Who initiates punishment, who joins punishment? Disentangling types of third-party punishers by neural traits

Hum Brain Mapp. 2021 Dec 1;42(17):5703-5717. doi: 10.1002/hbm.25648. Epub 2021 Sep 15.

Abstract

The act of punishing unfair behavior by unaffected observers (i.e., third-party punishment) is a crucial factor in the functioning of human societies. In everyday life, we see different types of individuals who punish. While some individuals initiate costly punishment against an unfair person independently of what other observers do (independent punishers), others condition their punishment engagement on the presence of another person who punishes (conditional punishers). Still others do not want to partake in any sort of punishment (nonpunishers). Although these distinct behavioral types have a divergent impact on human society, the sources of heterogeneity are poorly understood. We present novel laboratory evidence on the existence of these three types. We use anatomical brain characteristics in combination with stated motives to characterize these types. Findings revealed that independent punishers have larger gray matter volume in the right temporo-parietal junction compared to conditional punishers and nonpunishers, an area involved in social cognition. Conditional punishers are characterized by larger gray matter volume in the right dorsolateral prefrontal cortex, a brain area known to be involved in behavioral control and strategic reasoning, compared to independent punishers and nonpunishers. Finally, both independent punishers and nonpunishers are characterized by larger gray matter volume in an area involved in the processing of social and monetary rewards, that is, the bilateral caudate. By using a neural trait approach, we were able to differentiate these three types clearly based on their neural signatures, allowing us to shed light on the underlying psychological mechanisms.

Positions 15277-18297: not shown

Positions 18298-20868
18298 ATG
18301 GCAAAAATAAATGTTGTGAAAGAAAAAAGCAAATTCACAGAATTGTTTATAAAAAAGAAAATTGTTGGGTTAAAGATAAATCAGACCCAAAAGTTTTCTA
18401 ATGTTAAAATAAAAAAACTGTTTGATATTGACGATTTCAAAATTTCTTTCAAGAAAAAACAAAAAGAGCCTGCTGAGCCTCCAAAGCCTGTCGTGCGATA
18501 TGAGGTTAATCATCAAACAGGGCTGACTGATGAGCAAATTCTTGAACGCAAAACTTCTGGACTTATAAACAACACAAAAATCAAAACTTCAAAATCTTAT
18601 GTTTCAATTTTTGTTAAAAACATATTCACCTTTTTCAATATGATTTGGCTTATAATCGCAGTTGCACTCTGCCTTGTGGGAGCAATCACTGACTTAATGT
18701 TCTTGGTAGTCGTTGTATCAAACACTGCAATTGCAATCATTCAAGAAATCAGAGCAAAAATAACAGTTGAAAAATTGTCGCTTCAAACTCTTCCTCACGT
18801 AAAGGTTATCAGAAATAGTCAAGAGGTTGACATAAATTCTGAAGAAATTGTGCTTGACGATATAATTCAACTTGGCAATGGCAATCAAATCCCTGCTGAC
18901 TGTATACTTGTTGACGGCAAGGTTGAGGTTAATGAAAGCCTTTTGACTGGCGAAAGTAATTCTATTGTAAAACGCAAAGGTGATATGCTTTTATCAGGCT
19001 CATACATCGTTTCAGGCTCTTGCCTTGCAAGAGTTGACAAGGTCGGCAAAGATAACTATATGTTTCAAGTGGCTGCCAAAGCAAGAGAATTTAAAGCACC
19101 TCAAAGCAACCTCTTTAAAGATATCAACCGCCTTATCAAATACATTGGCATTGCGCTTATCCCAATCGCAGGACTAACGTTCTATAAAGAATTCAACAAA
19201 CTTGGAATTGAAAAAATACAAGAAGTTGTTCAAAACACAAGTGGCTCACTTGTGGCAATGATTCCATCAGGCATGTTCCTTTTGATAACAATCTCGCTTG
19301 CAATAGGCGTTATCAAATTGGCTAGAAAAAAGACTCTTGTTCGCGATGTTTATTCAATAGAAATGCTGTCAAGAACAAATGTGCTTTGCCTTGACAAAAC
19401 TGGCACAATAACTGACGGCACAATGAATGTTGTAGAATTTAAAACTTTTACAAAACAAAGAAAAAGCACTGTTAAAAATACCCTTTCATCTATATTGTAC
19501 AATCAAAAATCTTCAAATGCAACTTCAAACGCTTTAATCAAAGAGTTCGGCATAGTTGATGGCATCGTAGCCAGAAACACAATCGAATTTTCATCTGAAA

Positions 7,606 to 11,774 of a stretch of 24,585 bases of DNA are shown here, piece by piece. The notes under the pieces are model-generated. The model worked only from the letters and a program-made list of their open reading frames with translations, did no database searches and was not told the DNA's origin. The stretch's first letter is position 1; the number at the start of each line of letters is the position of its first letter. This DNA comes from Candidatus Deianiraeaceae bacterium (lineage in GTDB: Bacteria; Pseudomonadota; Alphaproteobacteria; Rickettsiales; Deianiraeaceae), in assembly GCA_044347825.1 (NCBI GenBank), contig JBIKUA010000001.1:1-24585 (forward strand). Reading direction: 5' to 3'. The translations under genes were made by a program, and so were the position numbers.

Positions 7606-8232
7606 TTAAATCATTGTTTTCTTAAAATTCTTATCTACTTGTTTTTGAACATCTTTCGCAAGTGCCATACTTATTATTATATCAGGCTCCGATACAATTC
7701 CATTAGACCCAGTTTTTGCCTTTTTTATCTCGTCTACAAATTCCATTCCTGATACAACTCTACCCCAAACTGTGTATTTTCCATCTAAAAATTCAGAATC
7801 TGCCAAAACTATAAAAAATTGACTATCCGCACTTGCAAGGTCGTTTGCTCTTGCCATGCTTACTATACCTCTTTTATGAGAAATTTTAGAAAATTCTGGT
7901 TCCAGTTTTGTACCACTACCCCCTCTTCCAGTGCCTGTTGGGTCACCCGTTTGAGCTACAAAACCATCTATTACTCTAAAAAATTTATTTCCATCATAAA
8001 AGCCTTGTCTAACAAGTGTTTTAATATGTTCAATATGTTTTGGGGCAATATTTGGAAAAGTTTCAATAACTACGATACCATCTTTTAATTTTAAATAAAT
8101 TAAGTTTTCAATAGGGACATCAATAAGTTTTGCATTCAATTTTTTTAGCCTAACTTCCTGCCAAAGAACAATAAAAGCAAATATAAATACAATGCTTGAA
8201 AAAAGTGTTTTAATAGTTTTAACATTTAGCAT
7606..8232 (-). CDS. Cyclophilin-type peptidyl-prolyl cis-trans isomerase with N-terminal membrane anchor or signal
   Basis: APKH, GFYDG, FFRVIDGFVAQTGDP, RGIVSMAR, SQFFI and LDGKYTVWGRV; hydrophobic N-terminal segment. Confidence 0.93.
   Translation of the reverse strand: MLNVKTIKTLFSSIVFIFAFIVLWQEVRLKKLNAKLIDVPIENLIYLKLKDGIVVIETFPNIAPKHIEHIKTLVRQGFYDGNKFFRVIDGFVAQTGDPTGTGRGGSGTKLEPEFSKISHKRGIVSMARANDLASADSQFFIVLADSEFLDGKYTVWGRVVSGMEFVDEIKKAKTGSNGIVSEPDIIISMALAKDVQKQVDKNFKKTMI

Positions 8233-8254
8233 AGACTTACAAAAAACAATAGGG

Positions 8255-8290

Keywords: brain anatomy; conditional punisher; neural trait; punishment types; third-party punishment.

Publication types

  • Research Support, Non-U.S. Gov't

MeSH terms

  • Adult
  • Biological Variation, Individual*
  • Caudate Nucleus / anatomy & histology*
  • Caudate Nucleus / diagnostic imaging
  • Cerebral Cortex / anatomy & histology*
  • Cerebral Cortex / diagnostic imaging
  • Female
  • Gray Matter / anatomy & histology*
  • Gray Matter / diagnostic imaging
  • Humans
  • Individuality*
  • Magnetic Resonance Imaging
  • Male
  • Motivation / physiology*
  • Punishment*
  • Reward*
  • Social Behavior*
  • Social Cognition*
  • Young Adult